Internet analysts say social media has become a resourceful tool for politicians to mobilize and interact with their electorate - while they also stress the importance of the traditional face to face in person campaigns.
Vincent Makori, Managing Editor of VOA’s daily Africa 54 TV newscast, said politicians from Kenya recognize that a large percentage of registered voters can be reached online, however there are other constituencies that do not have a social media presence.
“About 50% of registered voters are social media users and a great number are younger people - but at the same time, there are others who do not have a big foot print on social media so politicians like to go out there,” said Makori, adding, “Kenyan politicians like to really be in touch with the people on the campaign trail and enjoy the masses, the podiums and walking out to large crowds.”
Milain Fayulu, a Congolese technology entrepreneur and political science scholar said Congolese politicians understand that over 20 million DRC residents are online, and that social media will have an impact on the outcome of the 2023 elections. That, he says, is why political parties are hiring social media influencers to enhance their campaigns.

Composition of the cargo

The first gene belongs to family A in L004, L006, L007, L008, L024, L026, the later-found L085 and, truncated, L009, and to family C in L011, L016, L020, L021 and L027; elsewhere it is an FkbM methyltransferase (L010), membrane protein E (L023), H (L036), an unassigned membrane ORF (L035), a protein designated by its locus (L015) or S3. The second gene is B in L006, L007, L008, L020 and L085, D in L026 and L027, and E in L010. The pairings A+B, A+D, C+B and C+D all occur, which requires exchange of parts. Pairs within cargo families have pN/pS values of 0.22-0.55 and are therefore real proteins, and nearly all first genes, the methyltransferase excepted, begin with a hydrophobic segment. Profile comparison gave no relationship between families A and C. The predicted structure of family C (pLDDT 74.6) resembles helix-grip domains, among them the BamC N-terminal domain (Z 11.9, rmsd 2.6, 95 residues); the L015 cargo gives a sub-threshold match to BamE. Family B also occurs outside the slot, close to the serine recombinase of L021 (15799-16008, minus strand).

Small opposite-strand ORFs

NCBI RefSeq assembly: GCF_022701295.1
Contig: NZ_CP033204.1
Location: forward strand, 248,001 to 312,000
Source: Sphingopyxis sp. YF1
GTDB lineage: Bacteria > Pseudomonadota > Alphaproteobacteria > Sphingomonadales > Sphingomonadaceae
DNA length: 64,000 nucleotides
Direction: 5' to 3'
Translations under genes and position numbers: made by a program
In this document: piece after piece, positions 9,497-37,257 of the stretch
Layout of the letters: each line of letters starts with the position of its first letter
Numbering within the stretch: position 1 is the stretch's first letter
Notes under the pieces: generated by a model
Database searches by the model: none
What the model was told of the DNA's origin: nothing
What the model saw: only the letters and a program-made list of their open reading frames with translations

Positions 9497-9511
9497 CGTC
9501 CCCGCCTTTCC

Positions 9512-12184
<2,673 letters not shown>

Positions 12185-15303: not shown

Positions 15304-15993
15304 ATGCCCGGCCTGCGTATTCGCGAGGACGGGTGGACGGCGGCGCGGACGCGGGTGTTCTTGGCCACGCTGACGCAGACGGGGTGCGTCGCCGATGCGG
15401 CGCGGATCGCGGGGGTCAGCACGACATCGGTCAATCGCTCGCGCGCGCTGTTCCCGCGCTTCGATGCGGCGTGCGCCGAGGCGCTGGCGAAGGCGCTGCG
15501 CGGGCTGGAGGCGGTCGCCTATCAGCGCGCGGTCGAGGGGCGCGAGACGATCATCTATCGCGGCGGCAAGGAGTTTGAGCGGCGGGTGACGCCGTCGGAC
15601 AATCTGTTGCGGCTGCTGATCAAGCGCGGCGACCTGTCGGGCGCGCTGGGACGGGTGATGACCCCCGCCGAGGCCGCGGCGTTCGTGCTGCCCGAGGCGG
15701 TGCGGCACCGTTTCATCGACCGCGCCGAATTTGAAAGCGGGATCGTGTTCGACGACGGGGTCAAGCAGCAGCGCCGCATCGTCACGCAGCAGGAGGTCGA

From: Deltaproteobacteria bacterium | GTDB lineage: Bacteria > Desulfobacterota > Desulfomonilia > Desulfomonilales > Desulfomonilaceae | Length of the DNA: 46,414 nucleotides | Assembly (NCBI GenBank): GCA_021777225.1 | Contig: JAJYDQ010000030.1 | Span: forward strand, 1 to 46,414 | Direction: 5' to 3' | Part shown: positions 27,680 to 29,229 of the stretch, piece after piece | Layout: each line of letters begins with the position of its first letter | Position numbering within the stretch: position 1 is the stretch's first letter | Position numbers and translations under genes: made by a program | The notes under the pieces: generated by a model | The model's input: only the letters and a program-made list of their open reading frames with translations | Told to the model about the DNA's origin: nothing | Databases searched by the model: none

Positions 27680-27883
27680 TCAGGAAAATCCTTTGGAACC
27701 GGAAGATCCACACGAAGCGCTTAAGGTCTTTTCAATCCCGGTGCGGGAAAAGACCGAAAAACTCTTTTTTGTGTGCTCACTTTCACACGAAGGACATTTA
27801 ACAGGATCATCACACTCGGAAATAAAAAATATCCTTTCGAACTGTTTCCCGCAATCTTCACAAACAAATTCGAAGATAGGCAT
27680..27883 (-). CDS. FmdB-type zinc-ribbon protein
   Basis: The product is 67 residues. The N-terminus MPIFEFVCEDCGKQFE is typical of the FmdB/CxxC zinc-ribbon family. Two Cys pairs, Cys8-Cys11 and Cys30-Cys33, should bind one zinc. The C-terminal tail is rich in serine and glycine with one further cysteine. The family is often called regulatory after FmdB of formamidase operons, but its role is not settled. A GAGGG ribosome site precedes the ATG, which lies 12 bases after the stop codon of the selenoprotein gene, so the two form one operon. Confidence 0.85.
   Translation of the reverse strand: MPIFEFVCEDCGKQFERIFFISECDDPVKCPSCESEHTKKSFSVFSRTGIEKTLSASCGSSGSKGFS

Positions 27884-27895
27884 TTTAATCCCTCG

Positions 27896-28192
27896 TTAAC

“Over 21 million Congolese are online, and out of that number over 98% access social media primarily through their cell phones that means one out of five Congolese are connected online,” said Fayulu, adding “debates are raging online, a number of influencers are hired by political parties and the truth is fake news travels faster than the truth so different types of factions are trying to harness it in different shapes or forms.”
Fayulu also says the growing influence of social media is creating an uneven battle ground for politicians.
“The problem that we are seeing today is social media gives players the ability to pay to get their voices heard - which is why factions with the largest amount of resources are able to dominate the public discourse,” said Fayulu. He added “This is why you are seeing political actors leveraging social media influencers to get their message across which may be detrimental to the organic voice beneficial to democracy.”
Makori supports Fayulu’s statements on democracy by arguing, “the speed at which information travels on social media is fast so depending on how it is used it can be a tool for promoting democracy,” said Makori, adding, “on the flip side if used in a negative way it can be a dangerous tool.”